According to defense intelligence sources, Russia is offering to sell China up to eight more Sovremenny destroyers armed with eight nuclear-tipped Moskit missiles each. In addition, the Sovremenny will also be armed with Yahont missiles and a naval version of the SA-10C advanced surface-to-air defense missile.

U.S. defense analysis indicates that Yahont comes in a nuclear-tipped land attack version, enabling it to strike ground targets such as the Clinton proposed land-based missile site in Alaska or U.S. cities. Each Yahont is produced in a sealed launch canister, enabling the missile to be fired from simple and low cost platforms such as a diesel submarine or a common truck.

The appeal of a supersonic robot bomb is enhanced by the fact that the supersonic cruise missile is ignored in political circles. International arms control treaties do not cover the small, deadly and accurate weapons. The low maintenance cost and compact size associated with cruise missiles such as the Yahont appeal greatly to third-world militaries. North Korea, Iran, Syria, Vietnam and India are all considering supersonic cruise missile purchases from Russia.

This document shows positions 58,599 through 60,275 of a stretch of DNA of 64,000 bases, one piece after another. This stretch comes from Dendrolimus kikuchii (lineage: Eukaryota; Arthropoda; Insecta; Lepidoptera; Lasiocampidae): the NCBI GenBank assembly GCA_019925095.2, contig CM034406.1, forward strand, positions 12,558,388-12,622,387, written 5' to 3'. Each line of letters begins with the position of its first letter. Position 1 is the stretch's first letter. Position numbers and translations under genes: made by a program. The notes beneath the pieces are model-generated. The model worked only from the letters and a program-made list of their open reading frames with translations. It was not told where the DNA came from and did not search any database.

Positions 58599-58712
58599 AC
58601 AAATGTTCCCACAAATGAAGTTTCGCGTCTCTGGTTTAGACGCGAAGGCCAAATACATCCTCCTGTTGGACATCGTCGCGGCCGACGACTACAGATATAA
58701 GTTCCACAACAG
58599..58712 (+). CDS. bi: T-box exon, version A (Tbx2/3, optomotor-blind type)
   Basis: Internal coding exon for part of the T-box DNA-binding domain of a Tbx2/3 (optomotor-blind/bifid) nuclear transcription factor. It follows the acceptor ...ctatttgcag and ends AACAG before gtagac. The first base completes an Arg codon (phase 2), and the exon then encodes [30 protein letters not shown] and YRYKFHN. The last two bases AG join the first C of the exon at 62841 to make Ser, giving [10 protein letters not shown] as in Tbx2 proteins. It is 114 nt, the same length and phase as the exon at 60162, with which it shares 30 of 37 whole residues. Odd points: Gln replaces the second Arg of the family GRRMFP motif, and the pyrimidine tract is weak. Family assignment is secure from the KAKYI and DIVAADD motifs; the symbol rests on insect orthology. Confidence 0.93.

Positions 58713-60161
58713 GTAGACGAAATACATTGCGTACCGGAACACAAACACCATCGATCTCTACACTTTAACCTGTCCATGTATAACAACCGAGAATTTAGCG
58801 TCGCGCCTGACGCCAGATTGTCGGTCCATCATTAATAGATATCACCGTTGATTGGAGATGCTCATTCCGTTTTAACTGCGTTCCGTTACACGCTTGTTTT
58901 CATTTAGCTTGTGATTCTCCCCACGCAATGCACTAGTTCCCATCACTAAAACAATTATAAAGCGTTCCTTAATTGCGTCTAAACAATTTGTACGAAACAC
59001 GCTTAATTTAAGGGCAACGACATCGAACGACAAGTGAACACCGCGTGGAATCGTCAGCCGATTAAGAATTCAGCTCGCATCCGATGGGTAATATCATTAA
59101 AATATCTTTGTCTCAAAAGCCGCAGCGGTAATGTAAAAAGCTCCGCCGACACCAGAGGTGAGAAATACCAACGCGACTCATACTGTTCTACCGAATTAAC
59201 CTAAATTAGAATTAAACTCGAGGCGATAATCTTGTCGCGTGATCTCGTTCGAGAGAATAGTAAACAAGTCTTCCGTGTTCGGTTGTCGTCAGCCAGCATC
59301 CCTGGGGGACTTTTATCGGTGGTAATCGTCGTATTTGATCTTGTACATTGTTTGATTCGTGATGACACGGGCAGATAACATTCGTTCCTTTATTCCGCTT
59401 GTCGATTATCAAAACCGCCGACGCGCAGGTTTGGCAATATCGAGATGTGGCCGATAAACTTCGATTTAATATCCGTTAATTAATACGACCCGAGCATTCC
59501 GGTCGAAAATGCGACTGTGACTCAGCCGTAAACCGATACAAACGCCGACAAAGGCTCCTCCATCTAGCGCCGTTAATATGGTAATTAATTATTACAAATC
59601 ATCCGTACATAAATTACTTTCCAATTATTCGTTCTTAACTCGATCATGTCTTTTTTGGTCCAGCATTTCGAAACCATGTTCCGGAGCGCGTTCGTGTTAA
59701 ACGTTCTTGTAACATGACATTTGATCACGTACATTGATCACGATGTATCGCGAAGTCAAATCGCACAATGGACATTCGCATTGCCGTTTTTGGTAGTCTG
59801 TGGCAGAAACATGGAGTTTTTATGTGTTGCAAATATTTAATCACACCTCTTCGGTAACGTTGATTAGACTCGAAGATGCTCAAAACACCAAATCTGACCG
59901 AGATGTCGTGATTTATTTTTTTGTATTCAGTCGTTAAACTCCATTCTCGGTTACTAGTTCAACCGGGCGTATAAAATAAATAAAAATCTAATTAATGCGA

The Clinton administration has also ignored the supersonic cruise missile. With cancellation of the Sea Snake, the American military arsenal has no weapon to match the Yahont or the Moskit. The U.S. Air Force ALCM, and the U.S. Navy Tomahawk missiles fly at low subsonic speeds. Both U.S. cruise missiles are no longer armed with nuclear warheads, and both missiles have been shot down by conventional anti-aircraft fire in Iraq and Serbia.

“We need a Mach 3 Tomahawk to overcome new surface-to-air defenses. Kosovo and the recent deployment of advanced Russian air defenses like the SA-10 Grumble showed that we need a hypersonic replacement for our cruise missiles,” stated Fisher.

Newly developed Russian air defense missiles such as the SA-10C are capable of defeating Tomahawk and ALCM attacks. The Russian maker of the SA-10C states that it has a kill ratio ranging from 0.8 to 0.98 against Tomahawk-class cruise missiles. Russia is exporting large numbers of the new air defense missile. Russia has exported the SA-10C to China where it is produced under license and has made offers to North Korea, India, Syria and Cyprus.

Spring points out that, flawed or not, the U.S. Navy does have a cruise missile defense program in place. In contrast, a U.S. national ballistic missile defense program remains stalled in President Clinton’s arms-control talks with Russian President Putin and American election-year politics.

“The V-1 Buzz Bomb and the V-2 rocket of World War II fame are very much alive in the 21st century,” said Spring. “We need to be able to defend against both.”

“Cruise missile defense is something the U.S Navy can work on,” concluded Spring. “Unlike the ABM treaty with the former Soviet Union, there is no paper that Clinton can cling to in order to deny America defense against airborne cruise missiles. On the other hand, nuclear-tipped ballistic missiles can strike America from space and we have no means to stop them.”

  • Text smaller
  • Text bigger
Note: Read our discussion guidelines before commenting.